Dearer to the Vultures

June 2, 2016 | by

How the perspective of war stories has shifted—from gods to guns.

From the cover of the American edition of Anatomy of a Soldier.

My memories of war are fractured: faces disappear like smoke while literal plumes of smoke, their specific shapes and forms, linger on vividly for years. I remember the mesh netting, concrete, and dust smell of tower guard, but the events of entire months are completely gone. I remember the sound of a kid’s voice, but not anything he actually said. I guess that’s what Tim O’Brien meant when he wrote about Vietnam, “What sticks to memory, often, are those odd little fragments that have no beginning or end.”

Memories of people, too complex to carry through the years, fall apart. It’s easier to find purchase on memories of objects. The weapon I was assigned on my first deployment to Iraq was an M249 SAW, or what we would colloquially and inaccurately refer to as the “Squad Assault Weapon.” I remember the way it felt to disassemble—the slight give of the heat-shield assembly, its tiny metal pincers clinging to the barrel. I remember the sound of the feed tray snapping shut on a belt of ammunition. And I remember the tiny rust deposits on the legs of my weapon’s bipod, which would never go away, no matter how hard I scrubbed with CLP (Cleaner, Lubricant, and Protectant oil). I remember my SAW’s voice and the things it said. Read More »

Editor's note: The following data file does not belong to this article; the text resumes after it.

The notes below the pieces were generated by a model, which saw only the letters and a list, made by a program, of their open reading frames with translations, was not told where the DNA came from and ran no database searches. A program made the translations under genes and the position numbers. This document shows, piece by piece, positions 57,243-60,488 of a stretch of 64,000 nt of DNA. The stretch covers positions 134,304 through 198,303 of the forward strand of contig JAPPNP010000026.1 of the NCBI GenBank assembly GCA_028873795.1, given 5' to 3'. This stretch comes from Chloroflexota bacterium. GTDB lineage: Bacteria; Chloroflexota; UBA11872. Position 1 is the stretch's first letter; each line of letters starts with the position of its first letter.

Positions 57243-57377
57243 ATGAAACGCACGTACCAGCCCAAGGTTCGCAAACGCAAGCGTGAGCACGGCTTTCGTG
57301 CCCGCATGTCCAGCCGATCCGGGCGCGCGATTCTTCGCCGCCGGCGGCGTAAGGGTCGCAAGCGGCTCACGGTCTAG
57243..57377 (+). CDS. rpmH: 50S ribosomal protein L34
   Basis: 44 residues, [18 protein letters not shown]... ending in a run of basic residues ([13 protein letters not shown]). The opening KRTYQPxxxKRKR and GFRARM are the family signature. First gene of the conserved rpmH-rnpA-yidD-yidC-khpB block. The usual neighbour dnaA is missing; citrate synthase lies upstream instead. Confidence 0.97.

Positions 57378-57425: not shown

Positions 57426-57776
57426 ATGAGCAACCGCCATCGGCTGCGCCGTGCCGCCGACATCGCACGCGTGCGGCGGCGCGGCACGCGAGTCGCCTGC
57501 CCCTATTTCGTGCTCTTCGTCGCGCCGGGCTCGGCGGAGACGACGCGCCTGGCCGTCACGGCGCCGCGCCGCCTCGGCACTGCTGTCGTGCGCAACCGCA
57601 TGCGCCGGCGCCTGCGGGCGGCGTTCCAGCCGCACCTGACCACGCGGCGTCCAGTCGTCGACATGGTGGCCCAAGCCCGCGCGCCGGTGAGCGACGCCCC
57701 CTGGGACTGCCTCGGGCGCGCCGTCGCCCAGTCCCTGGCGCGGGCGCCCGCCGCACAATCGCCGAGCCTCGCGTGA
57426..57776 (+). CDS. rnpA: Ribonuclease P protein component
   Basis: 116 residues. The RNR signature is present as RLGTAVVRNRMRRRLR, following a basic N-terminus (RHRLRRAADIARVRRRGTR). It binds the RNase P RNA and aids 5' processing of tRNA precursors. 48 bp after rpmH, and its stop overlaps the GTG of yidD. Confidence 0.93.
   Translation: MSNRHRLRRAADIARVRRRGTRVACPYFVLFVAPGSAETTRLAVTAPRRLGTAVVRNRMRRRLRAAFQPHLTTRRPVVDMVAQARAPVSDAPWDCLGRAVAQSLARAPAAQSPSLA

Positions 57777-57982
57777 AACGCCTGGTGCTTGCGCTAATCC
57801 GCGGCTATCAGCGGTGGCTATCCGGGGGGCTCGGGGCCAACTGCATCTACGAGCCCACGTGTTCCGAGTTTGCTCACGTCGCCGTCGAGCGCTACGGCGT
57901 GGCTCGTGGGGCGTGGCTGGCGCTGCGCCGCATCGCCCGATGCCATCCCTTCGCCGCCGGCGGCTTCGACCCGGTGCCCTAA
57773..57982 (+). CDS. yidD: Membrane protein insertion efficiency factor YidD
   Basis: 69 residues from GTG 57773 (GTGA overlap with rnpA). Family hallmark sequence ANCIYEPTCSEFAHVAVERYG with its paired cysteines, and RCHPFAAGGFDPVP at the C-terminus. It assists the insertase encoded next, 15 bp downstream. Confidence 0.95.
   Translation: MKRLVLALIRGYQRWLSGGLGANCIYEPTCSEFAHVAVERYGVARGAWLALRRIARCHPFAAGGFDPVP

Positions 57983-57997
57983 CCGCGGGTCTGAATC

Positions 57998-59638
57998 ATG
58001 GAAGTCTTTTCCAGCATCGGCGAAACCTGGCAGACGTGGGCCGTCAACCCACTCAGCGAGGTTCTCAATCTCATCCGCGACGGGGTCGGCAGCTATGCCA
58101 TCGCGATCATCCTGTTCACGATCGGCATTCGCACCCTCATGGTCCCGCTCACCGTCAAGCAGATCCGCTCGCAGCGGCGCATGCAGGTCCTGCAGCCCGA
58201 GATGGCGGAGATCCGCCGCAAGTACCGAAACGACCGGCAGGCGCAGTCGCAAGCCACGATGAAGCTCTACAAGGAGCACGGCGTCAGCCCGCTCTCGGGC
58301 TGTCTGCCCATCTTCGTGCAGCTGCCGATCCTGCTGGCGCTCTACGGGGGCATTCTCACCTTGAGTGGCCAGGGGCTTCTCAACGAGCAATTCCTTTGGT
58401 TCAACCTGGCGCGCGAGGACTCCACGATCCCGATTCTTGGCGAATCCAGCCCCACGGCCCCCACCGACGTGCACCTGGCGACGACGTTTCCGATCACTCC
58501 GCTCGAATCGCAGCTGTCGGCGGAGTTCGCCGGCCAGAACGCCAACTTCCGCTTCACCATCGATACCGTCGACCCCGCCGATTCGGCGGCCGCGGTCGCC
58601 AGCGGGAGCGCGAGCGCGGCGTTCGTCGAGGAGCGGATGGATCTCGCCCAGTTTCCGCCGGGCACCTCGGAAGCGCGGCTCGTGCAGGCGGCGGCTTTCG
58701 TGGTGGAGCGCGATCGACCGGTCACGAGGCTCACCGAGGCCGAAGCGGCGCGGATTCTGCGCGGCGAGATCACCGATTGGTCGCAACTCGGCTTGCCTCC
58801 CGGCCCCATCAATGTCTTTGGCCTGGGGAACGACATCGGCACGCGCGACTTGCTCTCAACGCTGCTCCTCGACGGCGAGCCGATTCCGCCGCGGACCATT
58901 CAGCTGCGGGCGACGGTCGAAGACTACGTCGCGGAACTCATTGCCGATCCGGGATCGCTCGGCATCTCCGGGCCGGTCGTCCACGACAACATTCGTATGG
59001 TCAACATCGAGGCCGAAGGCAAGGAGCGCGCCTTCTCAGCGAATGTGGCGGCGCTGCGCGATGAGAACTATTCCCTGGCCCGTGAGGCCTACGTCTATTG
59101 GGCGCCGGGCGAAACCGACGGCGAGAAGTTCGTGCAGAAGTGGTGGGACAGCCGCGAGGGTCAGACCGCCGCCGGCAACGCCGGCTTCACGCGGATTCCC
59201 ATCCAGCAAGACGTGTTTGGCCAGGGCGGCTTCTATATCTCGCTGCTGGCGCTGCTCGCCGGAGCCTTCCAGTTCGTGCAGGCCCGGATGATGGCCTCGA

Ernie and Me

February 2, 2016 | by

Falling in—and falling out—with Hemingway.

Ernest Hemingway in uniform as an American Red Cross volunteer, 1918. Portrait by Ermeni Studios, Milan, Italy. Photo: Ernest Hemingway Photograph Collection, John F. Kennedy Presidential Library and Museum, Boston